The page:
The weird thing is that if you use the credit impact simulators with the credit monitoring services, they show that the impact of paying your credit cards off completely is more negative than carrying a small balance, which doesn't make a great deal of sense, one would think. From what I can gather, the rationale is that carrying a small balance shows you making payments over time, as opposed to having a zero balance. This doesn't quite compute with me, but I don't truly understand the inner workings of the scoring models. To confirm this, I used simulators with both TransUnion and Experian, and both showed this. I know that it's easy to find people on both sides of this argument, so I can't say which is the best option (certainly whichever side someone falls on is the one they'll argue is the right one! chuckle).
In all fairness, your best tool is time. The effects of your prior bad decisions will lessen over time as they move further away in your history and then disappear altogether. Obtaining a credit card just because you think you need one is not a compelling argument, by any means. If you can't rationalize reasons why you need it then maybe you should question the wisdom of such a decision. If you don't have a particular need for better credit right now, why be in a hurry to take on debt?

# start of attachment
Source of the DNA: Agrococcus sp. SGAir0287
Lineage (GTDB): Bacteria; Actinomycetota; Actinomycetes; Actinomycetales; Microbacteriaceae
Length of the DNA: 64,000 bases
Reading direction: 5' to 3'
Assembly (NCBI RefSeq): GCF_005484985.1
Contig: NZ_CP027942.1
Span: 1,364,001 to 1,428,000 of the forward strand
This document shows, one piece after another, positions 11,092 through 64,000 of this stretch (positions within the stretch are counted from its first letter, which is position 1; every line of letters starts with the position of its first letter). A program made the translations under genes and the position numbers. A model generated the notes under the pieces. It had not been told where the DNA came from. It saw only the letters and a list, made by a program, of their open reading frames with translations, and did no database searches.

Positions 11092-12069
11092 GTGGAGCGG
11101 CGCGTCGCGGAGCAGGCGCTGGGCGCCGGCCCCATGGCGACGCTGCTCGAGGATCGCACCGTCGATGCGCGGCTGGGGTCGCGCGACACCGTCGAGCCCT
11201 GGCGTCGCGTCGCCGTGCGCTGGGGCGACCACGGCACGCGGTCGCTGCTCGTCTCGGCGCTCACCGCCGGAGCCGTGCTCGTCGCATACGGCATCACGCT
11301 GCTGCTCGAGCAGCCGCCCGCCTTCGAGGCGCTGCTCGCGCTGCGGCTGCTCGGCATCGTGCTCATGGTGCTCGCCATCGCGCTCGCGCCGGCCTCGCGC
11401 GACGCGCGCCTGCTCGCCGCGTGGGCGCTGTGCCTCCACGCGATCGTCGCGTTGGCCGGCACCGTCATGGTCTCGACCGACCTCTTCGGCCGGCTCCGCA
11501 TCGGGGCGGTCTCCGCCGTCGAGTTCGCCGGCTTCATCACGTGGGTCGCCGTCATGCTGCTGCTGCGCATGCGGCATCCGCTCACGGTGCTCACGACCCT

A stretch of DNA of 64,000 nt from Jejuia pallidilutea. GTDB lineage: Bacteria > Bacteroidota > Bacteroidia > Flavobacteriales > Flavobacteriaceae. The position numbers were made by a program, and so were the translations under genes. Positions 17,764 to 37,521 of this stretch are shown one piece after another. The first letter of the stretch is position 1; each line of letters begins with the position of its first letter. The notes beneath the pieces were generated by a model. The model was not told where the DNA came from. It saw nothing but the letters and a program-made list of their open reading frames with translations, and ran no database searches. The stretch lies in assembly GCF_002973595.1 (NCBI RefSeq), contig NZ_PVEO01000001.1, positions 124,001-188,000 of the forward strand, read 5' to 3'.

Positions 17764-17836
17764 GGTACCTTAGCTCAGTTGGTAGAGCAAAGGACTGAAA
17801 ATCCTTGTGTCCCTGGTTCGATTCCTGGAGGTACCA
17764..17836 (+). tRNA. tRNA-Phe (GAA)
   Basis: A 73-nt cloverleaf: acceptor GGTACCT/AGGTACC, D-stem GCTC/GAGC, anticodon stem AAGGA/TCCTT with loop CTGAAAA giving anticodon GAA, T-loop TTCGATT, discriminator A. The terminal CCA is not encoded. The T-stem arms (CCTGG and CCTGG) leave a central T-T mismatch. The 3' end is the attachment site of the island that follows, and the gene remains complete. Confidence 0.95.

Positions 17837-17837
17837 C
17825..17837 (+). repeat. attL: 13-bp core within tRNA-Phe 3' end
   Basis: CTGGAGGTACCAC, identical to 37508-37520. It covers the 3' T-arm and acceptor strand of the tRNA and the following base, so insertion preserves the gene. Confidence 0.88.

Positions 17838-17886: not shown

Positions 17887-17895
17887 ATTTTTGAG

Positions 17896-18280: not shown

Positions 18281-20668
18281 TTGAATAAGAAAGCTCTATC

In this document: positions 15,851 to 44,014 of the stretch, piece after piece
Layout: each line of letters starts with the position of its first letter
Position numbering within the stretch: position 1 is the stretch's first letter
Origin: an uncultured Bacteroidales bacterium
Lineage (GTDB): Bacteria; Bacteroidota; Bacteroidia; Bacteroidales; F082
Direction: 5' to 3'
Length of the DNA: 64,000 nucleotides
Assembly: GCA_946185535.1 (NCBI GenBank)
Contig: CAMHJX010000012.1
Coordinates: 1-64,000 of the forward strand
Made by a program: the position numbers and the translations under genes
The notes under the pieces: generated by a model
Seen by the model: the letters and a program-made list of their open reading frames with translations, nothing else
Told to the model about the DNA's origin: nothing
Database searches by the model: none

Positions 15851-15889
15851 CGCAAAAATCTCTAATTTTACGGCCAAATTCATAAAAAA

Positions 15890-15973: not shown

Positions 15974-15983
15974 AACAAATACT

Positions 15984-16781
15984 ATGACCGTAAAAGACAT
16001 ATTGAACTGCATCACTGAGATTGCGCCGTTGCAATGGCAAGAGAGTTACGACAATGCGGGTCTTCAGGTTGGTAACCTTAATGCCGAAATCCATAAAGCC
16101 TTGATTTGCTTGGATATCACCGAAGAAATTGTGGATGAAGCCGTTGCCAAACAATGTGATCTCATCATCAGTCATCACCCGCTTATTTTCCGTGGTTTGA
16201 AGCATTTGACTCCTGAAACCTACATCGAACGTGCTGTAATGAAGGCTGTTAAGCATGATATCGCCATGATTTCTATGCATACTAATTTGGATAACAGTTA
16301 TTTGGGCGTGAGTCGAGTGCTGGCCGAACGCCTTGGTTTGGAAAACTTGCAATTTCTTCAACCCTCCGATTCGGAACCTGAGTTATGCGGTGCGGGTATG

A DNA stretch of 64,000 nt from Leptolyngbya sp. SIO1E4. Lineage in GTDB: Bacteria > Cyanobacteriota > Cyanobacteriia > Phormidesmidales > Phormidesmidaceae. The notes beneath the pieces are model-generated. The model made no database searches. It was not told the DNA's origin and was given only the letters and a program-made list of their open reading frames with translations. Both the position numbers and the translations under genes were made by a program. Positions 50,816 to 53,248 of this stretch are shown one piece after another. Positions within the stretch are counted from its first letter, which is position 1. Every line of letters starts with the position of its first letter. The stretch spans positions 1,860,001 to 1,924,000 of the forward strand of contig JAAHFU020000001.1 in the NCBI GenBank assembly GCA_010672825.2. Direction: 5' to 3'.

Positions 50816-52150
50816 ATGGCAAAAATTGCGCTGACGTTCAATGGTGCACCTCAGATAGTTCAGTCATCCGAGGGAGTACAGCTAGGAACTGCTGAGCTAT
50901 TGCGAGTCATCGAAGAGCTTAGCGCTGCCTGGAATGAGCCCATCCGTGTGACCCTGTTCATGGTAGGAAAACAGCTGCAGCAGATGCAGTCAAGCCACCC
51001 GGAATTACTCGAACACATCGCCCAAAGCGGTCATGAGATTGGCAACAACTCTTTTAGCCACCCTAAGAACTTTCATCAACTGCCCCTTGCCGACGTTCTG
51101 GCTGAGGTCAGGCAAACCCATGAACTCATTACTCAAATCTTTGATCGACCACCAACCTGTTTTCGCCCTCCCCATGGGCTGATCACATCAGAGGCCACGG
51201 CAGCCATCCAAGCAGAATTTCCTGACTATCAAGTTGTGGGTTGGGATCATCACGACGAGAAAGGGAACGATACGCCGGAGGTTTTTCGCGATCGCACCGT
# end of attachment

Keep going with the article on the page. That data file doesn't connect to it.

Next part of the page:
Whatever the formulas are for calculating credit scores, the specific details are a pretty closely-guarded secret (they're proprietary for starters, plus it theoretically prevents people from "gaming the system" for a better score), but if you do enough research online, you can get a pretty good sense of how they work in general.
Whatever you do with your credit should be in line with your overall financial goals. If you want to remain debt-free (at least for now) then having a credit card you can't otherwise justify a need for just introduces temptations which could prove tough to resist ("wants" quickly turn into "needs" when you can put it on a card you pay later), then you're right back in the same place you were earlier in your life.
Instead of trying to figure out the "best strategy" for a credit card, first ask yourself how necessary it is to you right now in light of your financial objectives, then go from there.
I hope this helps.